In September 1999 a subsidiary of BP in Alaska paid a fine of $22 million for the illegal dumping of hazardous wastes from 1993-1995 on the Alaska North Slope. In August 2006 BP were forced to shut down their operations as over one million litres of oil had been spilt over the North Slope. The Guardian (1 July 2007) reported that “a US congressional committee has uncovered evidence of ‘draconian’ cost cuts at BP”, and demanded documents “suggesting that managers considered turning off the flow of anti-corrosion chemicals to save money”.
Maintenance and safety cuts were also linked to an explosion at BP’s Texas City refinery resulting in 15 deaths and injuries to 180 people. Refineries based in Texas City and Toledo U.S accounted for 97 percent of all flagrant safety violations (829 of 851). The Centre for Public Integrity reported on 16 May last year that “most of BP’s citations were classified as ‘egregious and wilful’ by the Occupational Safety and Health Administration and reflect alleged violations of a rule designed to prevent catastrophic events at refineries”.
In April 2010 the offshore drilling rig Deepwater Horizon exploded in the Gulf of Mexico killing 11 people and creating an oil slick that covered at least 2,500 square miles. BP, Halliburton and Transocean, the three companies that expected to carve up the profits have ended up blaming each other for the disaster. This is a common occurrence when thieves fall out. BP’s chief executive at the time has since left the company pocketing a £2 million severance deal, £100,000 a year as a payoff from a Russian joint venture with TNK-BP and a £600,000 per year pension. But the news isn’t all good though, along with Lord Browne of Madingley he’s been cited in a multi-million dollar lawsuit linked to the bribery of government officials in Kazakhstan.
The Guardian (2 February) reported that BP is under investigation in the US over its “alleged manipulation of the gas market”, and “in a separate case in 2006, BP paid $300m to settle charges that it had manipulated the propane market in the US”. Another report in the same issue that would have made Rockefeller proud of one of his heirs is that “the administrator of BP’s $20bn (£12.3bn) Gulf spill compensation fund was accused last night by Mississippi’s attorney general, Jim Hood, of sweeping deficiencies and violations of law”.
In South America BP has been equally busy pursuing dividend payments. They stood accused in the European Parliament in October 1996 of colluding with the Columbian army in gross human rights violations and of wilful destruction of the environment. Evidence supplied by a report commissioned by Colombia’s President Samper’s human rights adviser alleged that “ BP passed photographs and videos of local protesters to the army, which human rights groups say led to killings, disappearances, torture and beatings” (corporatewatch.org). Likewise, a group of Colombian farmers won a multimillion pound settlement from BP after they were “ accused of benefiting from a regime of terror carried out by Colombian government paramilitaries to protect a 450-mile pipeline” (Independent, 22 July 2006).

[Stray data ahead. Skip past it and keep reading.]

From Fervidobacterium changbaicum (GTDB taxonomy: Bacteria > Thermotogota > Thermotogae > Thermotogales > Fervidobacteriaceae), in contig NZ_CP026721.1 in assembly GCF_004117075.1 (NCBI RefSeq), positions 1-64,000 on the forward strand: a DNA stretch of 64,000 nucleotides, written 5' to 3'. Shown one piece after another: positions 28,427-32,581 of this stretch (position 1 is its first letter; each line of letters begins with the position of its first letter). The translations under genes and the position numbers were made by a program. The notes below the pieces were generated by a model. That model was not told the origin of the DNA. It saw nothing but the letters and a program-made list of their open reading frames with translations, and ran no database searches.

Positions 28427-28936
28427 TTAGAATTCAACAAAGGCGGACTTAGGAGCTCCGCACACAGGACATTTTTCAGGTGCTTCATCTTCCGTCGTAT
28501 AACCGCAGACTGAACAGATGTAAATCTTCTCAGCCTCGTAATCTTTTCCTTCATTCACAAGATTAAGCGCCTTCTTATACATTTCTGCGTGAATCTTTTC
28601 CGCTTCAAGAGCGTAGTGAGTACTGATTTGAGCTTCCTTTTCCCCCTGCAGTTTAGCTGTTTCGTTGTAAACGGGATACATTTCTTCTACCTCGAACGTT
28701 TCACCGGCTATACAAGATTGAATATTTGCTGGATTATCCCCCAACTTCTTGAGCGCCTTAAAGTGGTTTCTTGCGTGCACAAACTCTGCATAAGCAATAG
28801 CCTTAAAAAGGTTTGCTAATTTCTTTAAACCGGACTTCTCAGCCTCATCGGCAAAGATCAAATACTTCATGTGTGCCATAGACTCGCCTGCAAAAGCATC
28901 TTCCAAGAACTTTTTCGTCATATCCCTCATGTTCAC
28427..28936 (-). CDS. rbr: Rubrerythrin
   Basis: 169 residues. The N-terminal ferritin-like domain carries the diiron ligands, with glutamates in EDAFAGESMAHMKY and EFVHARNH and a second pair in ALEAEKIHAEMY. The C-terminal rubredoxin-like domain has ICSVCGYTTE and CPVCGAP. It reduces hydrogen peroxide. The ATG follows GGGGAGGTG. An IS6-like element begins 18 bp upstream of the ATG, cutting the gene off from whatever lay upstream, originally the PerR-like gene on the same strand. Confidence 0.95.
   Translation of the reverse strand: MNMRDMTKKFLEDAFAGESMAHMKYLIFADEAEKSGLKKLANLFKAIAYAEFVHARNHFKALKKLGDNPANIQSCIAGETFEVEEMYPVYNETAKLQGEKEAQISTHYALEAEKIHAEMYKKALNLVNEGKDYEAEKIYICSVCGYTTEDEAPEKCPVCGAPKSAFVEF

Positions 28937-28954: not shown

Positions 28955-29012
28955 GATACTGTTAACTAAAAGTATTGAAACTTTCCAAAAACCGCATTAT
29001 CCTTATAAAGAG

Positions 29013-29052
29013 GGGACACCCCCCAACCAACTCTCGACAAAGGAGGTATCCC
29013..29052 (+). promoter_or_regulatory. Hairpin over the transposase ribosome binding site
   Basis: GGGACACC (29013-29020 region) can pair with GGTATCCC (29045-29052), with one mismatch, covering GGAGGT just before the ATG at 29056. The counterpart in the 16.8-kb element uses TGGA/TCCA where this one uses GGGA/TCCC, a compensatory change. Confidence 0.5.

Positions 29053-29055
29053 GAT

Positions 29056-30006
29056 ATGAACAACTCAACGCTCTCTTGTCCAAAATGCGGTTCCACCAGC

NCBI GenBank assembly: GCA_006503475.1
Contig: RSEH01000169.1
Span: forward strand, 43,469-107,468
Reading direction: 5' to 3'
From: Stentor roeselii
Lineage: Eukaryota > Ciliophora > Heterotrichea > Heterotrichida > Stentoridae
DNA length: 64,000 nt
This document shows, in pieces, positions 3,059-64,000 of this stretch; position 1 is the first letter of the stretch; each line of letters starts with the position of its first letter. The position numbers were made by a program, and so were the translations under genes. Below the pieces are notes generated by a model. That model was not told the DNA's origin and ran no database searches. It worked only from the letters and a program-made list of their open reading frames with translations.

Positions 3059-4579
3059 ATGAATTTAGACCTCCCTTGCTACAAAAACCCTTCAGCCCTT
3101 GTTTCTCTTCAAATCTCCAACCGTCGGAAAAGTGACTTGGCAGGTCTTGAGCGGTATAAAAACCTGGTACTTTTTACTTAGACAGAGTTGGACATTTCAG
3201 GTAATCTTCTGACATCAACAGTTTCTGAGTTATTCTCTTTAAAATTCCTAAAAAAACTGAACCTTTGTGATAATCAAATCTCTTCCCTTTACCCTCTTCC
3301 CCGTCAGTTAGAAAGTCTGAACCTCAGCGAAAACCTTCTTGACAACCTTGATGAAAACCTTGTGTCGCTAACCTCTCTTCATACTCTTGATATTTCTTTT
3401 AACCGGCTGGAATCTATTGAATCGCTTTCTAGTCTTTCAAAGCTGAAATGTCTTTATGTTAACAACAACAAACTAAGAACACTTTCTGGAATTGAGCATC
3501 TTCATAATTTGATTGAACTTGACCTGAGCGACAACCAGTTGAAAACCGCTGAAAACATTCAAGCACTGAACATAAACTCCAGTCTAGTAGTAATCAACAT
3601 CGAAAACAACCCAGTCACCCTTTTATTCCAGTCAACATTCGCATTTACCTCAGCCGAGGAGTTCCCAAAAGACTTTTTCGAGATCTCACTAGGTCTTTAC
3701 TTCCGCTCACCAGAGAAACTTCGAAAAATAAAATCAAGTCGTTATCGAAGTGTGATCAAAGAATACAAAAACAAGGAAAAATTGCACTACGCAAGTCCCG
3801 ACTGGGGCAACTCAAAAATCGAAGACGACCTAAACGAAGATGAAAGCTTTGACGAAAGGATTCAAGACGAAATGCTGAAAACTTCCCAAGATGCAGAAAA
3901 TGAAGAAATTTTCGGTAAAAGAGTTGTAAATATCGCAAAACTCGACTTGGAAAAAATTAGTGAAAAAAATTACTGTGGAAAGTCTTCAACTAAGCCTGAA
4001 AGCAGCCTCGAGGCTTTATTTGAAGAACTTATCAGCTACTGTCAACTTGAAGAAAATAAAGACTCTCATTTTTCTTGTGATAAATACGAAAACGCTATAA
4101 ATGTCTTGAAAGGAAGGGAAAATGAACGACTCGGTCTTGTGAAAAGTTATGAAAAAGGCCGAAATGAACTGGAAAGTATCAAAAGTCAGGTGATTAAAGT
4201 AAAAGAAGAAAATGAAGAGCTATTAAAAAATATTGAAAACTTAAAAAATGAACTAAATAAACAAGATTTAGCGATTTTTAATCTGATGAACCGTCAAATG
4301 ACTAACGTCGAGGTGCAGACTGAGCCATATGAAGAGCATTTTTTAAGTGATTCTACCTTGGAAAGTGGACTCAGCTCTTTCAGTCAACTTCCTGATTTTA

Africa hasn’t escaped BP’s grasp either. In Southern Sudan BP have been linked to a civil war that it’s alleged has the central goal of depopulating the oil regions and the protection of pipelines. The people of the Niger Delta have been suffering from the oil cartel’s calculated exploitation of the land for the past 40 years. Its 606 oilfields supply 40 percent of all the crude that the US imports. Pollution from oil spills is endemic and dwarfs every other such disaster. As the Guardian reports “more oil is spilled from the Delta’s network of terminals, pipes, pumping stations and oil platforms every year than has been lost in the Gulf of Mexico”.
Nnimo Bassey, Nigerian head of Friends of the Earth International said “There is an overwhelming sense that the big oil companies act as if they are beyond the law… It is clear that BP has been blocking progressive legislation, both in the US and here. In Nigeria, they have been living above the law. They are now clearly a danger to the planet. The dangers of this happening again and again are high. They must be taken to the international court of justice” (30 May 2010).
Many people believe that companies like BP are the problem. Well-meaning people like Bassey see court rulings, legislation and even the break-up of companies as a solution. So did well-meaning people during the reign of Standard Oil. Nothing changed then except some names. The problem is the global profit system. The, dog-eat-dog, unquenchable compulsion to acquire earnings and dividends. Pollution, corruption and death are the symptoms of a disease. The disease is capitalism. Only major surgery can cure the disease.
When will the naive finally realise that the problems faced by people and the environment cannot somehow, magically, be solved by methods that have failed abysmally for decades? How long do we, the overwhelming majority, sit on our hands while a tiny minority derive their pleasure at our expense?